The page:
I have been asked by John’s family to say a few words today. I spoke at the funeral of John’s beloved son, Robert, and now I speak at the funeral of the father. I have lost a good friend, and his family have lost a good father and a good grandfather. We are all grieving and I have no words to ease that grief, especially that of his family. Grief and death are part of the human condition. We all live and we all die and there is nothing to be done about that. What is important is how we live. And I can say that John led a good life. That is what we must hold onto now. He lived and died a generous, warm hearted man. I personally could always rely upon him for love and friendship and understanding. Just before he died I told him that he was one of the very few people in this world that I could talk to about anything with an absolute sense of trust, and he thanked me for that.
I first met John in 1980 when he joined the International Socialists after he moved from Mt Isa to Brisbane. This was during the reign of Bjelke-Petersen, the far right premier of Qld. There had been strong civil liberty struggles against Petersen’s attempt to ban the right to march. John led the movement against the ban on street marches in Mt Isa. Those of you who have been to Mt Isa will know how incredible an achievement it was to create a radical movement in that town. John played a key role in two struggles during his time in Mt Isa. He was prominent in the anti-uranium movement and also fought for the rights of Indigenous Australians. He played a key role in the founding of provision of Aboriginal Housing. Mt Isa was and remains a deeply racist town. Taking up the cause of the First Australians was a brave and generous thing to do and it was typical of John.
During our time in the International Socialists we took up a range of struggles. These led to direct confrontation with Bjelke-Petersen’s police force. One of my favourite stories about John was of his arrest during a march in support of women’s right to access abortion. Petersen had threatened a bill which would make abortion illegal for all reasons including rape and incest. During the rally and the March that followed John was responsible for carrying an effigy of Bjelke-Petersen. I cannot recall if we were to hang or burn the effigy. In any case, John was intercepted and arrested and the effigy was confiscated, and we never saw it again.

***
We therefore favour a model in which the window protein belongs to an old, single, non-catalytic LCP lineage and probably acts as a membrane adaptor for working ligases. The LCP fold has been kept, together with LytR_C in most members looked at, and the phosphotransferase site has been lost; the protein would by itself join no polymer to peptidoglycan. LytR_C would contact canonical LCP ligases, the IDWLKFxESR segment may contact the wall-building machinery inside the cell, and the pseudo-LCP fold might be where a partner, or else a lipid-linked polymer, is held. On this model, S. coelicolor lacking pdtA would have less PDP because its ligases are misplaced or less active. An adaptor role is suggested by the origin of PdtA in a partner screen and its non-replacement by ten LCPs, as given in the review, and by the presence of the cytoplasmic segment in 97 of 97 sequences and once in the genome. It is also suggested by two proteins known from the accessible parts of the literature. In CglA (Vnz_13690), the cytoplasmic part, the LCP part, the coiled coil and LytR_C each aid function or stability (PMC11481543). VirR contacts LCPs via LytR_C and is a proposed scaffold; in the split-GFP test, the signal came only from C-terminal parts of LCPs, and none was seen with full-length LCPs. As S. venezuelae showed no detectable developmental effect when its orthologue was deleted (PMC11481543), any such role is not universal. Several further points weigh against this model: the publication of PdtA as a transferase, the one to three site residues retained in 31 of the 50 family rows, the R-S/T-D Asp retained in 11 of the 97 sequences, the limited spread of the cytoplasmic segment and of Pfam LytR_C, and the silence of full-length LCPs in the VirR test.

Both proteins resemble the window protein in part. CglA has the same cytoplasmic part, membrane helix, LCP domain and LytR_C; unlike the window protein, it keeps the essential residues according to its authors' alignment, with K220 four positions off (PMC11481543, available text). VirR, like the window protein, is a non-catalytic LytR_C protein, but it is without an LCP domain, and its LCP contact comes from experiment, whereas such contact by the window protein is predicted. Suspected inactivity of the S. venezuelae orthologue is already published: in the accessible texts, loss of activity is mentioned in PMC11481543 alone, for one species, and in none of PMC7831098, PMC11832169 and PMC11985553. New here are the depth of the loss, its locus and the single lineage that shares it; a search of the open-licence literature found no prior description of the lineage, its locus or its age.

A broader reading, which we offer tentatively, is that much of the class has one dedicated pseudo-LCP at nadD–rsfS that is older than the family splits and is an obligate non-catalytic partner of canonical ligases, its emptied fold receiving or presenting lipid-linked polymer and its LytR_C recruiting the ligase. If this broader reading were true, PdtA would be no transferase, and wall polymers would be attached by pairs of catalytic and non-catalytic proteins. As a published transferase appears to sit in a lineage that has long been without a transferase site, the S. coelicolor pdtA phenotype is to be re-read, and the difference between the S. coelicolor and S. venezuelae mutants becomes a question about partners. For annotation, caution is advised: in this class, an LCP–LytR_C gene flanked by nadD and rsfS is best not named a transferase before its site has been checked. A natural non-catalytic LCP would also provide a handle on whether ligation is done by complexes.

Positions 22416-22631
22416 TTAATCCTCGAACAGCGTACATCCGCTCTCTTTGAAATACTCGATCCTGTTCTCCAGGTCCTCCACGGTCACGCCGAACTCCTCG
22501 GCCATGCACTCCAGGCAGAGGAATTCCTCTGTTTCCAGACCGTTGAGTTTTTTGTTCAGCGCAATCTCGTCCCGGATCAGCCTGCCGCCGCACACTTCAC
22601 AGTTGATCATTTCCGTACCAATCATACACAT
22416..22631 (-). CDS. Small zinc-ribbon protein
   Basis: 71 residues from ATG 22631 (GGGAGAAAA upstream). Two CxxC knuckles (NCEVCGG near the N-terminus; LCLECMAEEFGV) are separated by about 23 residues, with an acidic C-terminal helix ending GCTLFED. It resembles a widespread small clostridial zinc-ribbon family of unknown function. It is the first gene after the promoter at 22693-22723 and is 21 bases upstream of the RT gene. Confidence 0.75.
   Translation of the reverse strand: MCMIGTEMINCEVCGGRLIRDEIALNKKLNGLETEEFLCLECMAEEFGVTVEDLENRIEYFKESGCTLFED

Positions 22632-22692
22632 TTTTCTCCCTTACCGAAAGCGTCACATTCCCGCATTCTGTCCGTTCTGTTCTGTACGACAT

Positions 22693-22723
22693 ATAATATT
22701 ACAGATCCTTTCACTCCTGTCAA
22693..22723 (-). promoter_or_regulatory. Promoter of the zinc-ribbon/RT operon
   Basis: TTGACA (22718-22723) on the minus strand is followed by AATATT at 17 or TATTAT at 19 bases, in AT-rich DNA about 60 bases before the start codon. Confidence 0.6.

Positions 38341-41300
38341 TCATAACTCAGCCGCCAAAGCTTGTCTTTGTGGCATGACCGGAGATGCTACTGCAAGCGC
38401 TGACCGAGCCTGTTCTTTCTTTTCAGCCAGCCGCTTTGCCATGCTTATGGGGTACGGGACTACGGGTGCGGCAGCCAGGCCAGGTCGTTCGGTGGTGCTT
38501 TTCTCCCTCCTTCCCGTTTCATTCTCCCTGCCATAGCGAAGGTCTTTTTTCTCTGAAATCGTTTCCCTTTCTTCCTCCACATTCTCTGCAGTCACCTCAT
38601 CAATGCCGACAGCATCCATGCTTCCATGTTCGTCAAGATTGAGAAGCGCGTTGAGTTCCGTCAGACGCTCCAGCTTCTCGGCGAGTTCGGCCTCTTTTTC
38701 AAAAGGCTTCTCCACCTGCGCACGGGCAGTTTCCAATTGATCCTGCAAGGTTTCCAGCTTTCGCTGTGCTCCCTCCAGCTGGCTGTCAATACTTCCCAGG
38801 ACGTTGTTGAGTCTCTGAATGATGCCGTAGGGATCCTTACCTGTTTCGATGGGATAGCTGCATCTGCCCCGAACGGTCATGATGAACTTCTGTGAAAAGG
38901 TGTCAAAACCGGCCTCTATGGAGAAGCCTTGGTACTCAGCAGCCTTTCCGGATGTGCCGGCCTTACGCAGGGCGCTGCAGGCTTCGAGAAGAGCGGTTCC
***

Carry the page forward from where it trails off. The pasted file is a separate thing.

John duly turned up in court to face a ridiculous range of charges which would have cost him thousands. Just as the trial was about to begin the prosecuting officer got up and advised the court that the police were dropping the matter owing to the sudden death of the arresting officer. There was a silence which was almost broken by John’s laughter, but he managed to repress the urge. The magistrate looked at him and said “It seems, you are a very lucky man, Mr Boyd.” John got up grinning and said, “Not so, your honour, I am confident I had a very adequate defence prepared”. The magistrate replied to that, “Well, we will see you again, Mr Boyd, I have no doubt”.
He was right about that, because John continued to take up many causes on behalf of those who were the victims of power. One of these causes that I know he would want me to mention was that of the Palestinians. John did great work in the Palestinian solidarity campaign in the early 80s. I still remember his outrage at the massacre of the thousands of Palestinian refugees in the camps of Sabra and Shatila in 1982.
Even though John dropped out of active leftist politics when his health began to break down, he remained to the very end a man deeply committed to the emancipation of all oppressed people everywhere. He spent a life time on the side of the people and he never wavered from that.
Towards the last years of his life John moved into a flat not far from me down the Ipswich Road. I used to visit him on Sundays and we would read, chat, laugh and drink together. Those were very good moments and I will remember them to the end of my own days. We read everything together – poetry, classic short stories, novels and Shakespeare. John, though, especially loved Charles Dickens’ work and so we read Hard Times, Great Expectations and had started on David Copperfield. One of John’s favourite books by Dickens was A Tale of Two Cities. It is as you know set in the French Revolution, which John had made a special study of when he studied at university.
I will finish with a quotation from that book. The hero Sydney Carton has given up his life for others and he goes to his death saying
“… it is a far, far better rest that I go to than I have ever known.”
John is at rest now. And for those of us who remain, our task is to grieve for our loss and also to give thanks for having had the privilege of having known this good man.
8th August 2014